finishes to completion. Hello there, Visual Studio 2019 allows you to bring your
own code no matter the scenario. So you also get all the
same functionality even if the Python file is embedded within a larger project like a C++ project. What’s great is that their support
for mixed-mode debugging and IntelliSense to make you even more
productive in those scenarios. As I mentioned earlier, with Visual Studio 2019 you can bring any Python code
no matter the scenario. So now what we’re going to do, is I’m going to show
you guys a script called mandelbrot.py which creates
and plots a Mandelbrot set. So as you can see I’m
loaded to my familiar page, have the solution explorer
and notice that mandelbrot.py has one package
dependency and that’s NumPy. So again, I’m going to create a Conda environment for this package, but keep in mind that you can create a Conda environment for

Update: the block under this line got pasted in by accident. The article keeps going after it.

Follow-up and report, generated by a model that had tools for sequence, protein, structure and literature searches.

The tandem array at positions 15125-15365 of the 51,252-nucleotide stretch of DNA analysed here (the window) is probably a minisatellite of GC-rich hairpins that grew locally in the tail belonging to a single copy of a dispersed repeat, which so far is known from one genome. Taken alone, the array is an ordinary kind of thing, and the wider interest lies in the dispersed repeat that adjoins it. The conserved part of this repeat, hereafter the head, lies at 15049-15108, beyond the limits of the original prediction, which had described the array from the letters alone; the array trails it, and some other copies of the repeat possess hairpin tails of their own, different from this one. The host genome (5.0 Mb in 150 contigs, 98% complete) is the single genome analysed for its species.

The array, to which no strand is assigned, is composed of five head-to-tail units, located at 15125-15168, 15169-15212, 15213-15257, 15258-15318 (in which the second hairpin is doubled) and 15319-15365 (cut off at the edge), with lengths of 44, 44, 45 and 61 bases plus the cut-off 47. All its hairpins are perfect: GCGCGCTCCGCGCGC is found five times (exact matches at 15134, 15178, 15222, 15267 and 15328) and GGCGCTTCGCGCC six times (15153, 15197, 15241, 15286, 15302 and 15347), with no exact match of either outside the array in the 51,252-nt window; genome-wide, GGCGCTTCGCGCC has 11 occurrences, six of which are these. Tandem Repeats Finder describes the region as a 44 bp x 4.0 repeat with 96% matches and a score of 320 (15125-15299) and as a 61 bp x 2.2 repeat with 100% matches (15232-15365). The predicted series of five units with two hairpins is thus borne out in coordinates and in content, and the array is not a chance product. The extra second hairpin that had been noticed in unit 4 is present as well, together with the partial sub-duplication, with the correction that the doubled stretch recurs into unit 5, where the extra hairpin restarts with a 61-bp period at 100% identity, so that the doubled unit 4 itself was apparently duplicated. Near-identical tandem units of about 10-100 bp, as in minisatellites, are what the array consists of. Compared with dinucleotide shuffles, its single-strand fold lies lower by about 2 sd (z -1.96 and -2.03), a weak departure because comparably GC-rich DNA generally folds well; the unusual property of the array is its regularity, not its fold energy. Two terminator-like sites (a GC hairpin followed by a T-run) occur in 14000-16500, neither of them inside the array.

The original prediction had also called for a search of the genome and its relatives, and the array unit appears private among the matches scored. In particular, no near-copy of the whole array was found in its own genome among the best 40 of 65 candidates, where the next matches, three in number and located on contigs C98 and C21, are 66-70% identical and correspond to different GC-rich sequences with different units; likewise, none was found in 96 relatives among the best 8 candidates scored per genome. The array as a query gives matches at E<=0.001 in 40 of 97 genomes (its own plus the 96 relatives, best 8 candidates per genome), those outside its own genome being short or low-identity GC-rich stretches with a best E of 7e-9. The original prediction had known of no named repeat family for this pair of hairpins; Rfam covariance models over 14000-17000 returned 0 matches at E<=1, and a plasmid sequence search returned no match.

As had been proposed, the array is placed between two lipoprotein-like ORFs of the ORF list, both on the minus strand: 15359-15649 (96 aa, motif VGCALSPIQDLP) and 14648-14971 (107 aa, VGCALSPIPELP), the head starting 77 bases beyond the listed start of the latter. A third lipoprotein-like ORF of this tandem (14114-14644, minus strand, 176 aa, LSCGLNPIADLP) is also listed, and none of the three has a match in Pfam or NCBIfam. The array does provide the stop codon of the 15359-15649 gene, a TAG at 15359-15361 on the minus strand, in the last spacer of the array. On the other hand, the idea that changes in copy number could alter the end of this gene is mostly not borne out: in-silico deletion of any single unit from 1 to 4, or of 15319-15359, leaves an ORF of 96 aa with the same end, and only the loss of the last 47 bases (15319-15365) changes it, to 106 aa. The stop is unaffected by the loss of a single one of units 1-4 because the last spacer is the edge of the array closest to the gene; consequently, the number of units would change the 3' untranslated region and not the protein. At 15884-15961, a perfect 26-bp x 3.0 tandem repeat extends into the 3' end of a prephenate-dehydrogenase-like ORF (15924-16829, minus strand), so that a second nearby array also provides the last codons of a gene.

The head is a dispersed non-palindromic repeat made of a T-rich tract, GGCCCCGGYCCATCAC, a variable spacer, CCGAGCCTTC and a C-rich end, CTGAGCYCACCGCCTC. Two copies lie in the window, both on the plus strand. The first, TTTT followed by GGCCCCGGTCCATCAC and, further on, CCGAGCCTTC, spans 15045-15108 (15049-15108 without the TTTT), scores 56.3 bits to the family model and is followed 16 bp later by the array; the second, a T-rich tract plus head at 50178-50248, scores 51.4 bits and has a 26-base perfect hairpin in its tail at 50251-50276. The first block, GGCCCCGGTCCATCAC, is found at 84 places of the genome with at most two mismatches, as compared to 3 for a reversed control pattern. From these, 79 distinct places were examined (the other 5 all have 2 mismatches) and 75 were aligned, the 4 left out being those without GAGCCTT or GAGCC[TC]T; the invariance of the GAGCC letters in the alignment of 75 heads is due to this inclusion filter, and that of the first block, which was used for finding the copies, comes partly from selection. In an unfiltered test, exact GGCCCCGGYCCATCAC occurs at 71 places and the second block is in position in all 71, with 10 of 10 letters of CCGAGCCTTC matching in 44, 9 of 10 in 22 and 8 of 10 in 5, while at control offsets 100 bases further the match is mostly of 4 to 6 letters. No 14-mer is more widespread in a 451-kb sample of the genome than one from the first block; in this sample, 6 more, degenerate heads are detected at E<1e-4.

a different arrangement of packages. This one just only
happens to use NumPy. So again, I’m going to go
to the Python toolbar, go to Add Environment, but this time I’m going to select “Conda Environment” on
the left-hand side. I’m going to name it,
let’s call it test. I can add packages from a YML file, which is a popular Conda package file or what we’ve added is the ability to add one or more Anaconda
package names by either typing them in the search bar
here or using this icon. When you click
this “Add Packages” icon, you’ll notice that we’ve bucketed the different popular
Python workloads into things such as
Data Science Core Libraries, which is where NumPy
lives, Visualization, Machine Learning and a Web workload which has Django,
Flasks, and Requests. So I’m going to select NumPy but also keep in
mind that if this Conda environments or if